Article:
Thursday, June 23, 2011

Look how you want me now, that I don't need you

Friendships after relationships are tricky business. 

A lot of people will say that you can't be friends with someone you slept with. Or had a relationship with. There's plenty of rules and definitely plenty of opinions on it. Ask one person and they'll say some of their closest friends are their exes, ask another person and they'll say that you could never be "just friends." 
I've attempted to be friends with all of my ex boyfriends with varying degrees of success. 

My first boyfriend just got married over the weekend---something I found out via Facebook. He doesn't answer my messages anymore and it's just as well. Looking back on our relationship, I don't know how much of it was rooted in the "friend" part of relationship. However, looking at his profile and seeing the words "married to" and seeing the photos... it still feels a little awkward.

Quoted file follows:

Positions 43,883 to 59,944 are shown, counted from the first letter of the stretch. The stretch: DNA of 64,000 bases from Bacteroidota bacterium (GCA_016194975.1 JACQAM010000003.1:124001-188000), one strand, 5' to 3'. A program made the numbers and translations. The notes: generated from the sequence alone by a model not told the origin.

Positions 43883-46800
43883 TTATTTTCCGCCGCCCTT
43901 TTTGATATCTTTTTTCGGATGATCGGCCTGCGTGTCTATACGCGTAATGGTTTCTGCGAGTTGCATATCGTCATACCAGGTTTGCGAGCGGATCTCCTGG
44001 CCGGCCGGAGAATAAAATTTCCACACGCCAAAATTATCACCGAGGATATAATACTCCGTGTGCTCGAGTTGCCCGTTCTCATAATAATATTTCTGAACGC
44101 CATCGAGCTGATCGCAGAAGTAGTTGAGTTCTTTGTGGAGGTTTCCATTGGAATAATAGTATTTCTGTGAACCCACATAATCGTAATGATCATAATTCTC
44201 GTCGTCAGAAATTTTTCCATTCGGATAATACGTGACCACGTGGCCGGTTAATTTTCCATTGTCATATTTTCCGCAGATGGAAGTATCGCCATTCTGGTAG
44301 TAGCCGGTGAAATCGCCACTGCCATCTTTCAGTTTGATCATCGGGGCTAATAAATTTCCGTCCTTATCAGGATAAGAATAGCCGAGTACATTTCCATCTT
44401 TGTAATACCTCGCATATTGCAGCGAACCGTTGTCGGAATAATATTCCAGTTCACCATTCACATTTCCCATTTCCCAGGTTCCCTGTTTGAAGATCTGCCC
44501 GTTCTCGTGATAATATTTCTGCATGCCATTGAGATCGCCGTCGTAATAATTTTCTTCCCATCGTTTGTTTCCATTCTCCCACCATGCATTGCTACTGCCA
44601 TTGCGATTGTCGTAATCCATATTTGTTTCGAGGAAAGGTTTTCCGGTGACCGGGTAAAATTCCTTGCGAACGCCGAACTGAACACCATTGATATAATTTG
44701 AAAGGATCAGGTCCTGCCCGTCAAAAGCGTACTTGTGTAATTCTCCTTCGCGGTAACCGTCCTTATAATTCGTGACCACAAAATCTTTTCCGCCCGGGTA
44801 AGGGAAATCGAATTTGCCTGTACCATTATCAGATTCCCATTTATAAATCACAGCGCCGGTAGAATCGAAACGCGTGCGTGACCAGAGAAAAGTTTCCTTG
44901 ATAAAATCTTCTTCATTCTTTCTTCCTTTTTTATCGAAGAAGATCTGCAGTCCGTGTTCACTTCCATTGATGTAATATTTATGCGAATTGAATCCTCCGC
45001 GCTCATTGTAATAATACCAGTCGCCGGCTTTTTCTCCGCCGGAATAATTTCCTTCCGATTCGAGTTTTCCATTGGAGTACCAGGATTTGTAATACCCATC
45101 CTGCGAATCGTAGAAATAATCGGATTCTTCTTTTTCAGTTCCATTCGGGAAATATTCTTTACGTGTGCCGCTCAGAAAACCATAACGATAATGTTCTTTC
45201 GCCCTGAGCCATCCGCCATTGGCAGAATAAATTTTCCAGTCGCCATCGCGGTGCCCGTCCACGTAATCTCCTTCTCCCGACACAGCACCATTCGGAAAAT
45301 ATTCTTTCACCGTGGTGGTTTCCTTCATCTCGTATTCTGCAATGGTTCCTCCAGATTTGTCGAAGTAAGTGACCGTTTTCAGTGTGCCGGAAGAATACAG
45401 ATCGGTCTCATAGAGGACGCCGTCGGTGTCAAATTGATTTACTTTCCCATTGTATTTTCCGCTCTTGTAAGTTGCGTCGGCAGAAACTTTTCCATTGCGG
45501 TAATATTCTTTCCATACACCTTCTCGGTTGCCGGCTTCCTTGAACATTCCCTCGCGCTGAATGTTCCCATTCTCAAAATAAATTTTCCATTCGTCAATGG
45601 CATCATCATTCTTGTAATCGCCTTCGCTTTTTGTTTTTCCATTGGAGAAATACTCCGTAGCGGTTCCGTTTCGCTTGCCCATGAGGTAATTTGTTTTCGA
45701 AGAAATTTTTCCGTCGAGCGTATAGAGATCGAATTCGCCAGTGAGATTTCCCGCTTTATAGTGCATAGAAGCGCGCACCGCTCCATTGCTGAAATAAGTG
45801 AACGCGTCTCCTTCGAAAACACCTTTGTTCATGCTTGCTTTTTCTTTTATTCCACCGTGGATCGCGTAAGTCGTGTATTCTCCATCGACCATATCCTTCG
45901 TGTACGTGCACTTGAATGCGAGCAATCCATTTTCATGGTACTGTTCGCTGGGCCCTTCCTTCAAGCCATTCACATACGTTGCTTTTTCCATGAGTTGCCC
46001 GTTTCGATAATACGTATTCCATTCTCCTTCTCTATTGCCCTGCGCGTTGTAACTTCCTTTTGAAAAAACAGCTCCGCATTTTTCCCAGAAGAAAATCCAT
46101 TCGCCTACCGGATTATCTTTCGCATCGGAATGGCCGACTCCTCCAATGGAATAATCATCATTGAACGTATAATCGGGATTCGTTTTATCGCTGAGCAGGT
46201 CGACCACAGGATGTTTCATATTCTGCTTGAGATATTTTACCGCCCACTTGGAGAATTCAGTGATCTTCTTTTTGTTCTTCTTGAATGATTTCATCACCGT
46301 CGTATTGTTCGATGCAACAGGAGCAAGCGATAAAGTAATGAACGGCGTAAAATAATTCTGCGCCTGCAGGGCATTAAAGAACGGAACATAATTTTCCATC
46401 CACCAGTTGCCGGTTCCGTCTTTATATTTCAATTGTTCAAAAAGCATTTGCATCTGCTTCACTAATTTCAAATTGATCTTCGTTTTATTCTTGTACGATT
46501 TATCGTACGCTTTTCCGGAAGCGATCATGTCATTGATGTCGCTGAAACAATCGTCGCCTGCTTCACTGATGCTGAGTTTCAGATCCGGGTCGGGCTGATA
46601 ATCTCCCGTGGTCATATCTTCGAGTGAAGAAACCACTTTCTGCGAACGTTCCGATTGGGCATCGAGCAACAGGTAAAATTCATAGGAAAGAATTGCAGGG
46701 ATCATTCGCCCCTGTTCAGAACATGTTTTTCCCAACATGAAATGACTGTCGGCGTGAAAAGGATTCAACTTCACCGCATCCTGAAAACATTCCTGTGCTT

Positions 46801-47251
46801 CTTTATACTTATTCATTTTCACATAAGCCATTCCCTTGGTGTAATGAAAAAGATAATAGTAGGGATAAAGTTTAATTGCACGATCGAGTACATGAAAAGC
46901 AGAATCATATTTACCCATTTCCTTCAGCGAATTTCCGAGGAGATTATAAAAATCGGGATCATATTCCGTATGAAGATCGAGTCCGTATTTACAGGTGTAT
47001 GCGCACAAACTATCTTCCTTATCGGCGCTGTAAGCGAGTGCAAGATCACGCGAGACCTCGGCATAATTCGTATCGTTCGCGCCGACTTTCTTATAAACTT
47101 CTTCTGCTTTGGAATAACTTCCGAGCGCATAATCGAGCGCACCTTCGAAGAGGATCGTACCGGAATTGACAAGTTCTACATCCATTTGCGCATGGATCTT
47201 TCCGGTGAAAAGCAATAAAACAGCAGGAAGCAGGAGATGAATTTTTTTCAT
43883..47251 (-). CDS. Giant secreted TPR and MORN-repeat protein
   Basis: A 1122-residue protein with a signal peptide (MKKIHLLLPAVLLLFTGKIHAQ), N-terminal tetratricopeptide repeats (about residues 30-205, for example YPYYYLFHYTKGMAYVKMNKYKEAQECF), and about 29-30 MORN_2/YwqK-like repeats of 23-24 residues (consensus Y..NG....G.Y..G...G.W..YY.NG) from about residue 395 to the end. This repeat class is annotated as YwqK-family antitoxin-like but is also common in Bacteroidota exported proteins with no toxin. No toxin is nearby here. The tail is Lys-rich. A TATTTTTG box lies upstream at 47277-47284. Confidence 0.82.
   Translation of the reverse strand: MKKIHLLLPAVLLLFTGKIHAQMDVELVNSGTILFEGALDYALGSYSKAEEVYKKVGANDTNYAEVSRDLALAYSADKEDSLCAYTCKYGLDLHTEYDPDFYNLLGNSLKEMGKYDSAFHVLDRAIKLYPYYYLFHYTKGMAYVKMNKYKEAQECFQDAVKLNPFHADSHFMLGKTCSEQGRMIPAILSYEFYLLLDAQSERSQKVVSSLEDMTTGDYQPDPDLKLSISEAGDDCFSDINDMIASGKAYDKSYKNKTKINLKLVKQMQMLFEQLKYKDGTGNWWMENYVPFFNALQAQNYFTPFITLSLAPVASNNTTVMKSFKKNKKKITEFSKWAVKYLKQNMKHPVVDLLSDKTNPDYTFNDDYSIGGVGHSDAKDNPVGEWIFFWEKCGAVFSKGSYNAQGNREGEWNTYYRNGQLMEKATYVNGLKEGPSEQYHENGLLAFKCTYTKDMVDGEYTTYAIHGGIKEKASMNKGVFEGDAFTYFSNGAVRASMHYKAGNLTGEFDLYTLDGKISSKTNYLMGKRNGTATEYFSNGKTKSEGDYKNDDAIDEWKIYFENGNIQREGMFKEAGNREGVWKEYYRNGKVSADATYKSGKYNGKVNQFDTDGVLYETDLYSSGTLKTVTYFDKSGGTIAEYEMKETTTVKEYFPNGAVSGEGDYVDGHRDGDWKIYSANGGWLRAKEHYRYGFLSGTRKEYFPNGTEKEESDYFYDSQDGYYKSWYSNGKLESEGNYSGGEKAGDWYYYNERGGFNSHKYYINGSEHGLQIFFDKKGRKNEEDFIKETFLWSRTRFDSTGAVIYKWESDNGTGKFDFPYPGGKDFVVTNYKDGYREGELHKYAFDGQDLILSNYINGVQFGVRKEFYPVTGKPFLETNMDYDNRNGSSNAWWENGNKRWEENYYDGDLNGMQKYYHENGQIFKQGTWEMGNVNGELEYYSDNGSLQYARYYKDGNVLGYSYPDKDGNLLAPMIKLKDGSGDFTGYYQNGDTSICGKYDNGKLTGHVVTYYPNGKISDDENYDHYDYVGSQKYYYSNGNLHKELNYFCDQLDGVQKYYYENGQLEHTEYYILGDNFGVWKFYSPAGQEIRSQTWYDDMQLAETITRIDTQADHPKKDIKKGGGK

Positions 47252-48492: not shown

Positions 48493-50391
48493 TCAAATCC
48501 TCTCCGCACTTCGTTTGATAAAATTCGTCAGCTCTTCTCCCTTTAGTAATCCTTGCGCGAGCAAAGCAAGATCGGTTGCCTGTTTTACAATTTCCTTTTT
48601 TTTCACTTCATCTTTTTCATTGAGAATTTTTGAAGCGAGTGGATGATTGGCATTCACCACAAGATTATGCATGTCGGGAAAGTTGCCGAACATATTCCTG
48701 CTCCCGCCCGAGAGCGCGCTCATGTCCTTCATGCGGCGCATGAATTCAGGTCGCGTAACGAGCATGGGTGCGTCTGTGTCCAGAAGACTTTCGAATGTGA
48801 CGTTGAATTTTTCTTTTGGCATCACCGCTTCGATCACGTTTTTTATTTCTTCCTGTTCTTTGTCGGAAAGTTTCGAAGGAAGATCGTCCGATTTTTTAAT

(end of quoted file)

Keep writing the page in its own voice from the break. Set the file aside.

I think in that situation, we were just too young, too scared, too new at the whole relationship thing to really make it anything more than puppy love. We've both grown up---some of us more than others and I think more importantly, we've grown apart. I'm happy for him, thrilled that he found someone to be nauseating with, write on each other's profiles about how in love they are, someone to play house with. 

Cynic? Me? Never. 

My second boyfriend and I talk sparingly and again with varying degrees of success, although that's more conversation to conversation. Knowing someone so well, for as many years as we did before we started dating I think makes it a bit more complicated. We know each other's buttons and there's a complex there that makes us want to push, push, push until it blows up. We're kids with firecrackers, seeing how long we can hold onto that fuse. Two cars playing chicken and seeing who blinks first. 

Perhaps we're just too similar. Too proud, too sensitive, too determined, too righteous... We both need to be right and often find ourselves on opposite ends of opinions, not wanting to back down or admit the other person could have a point.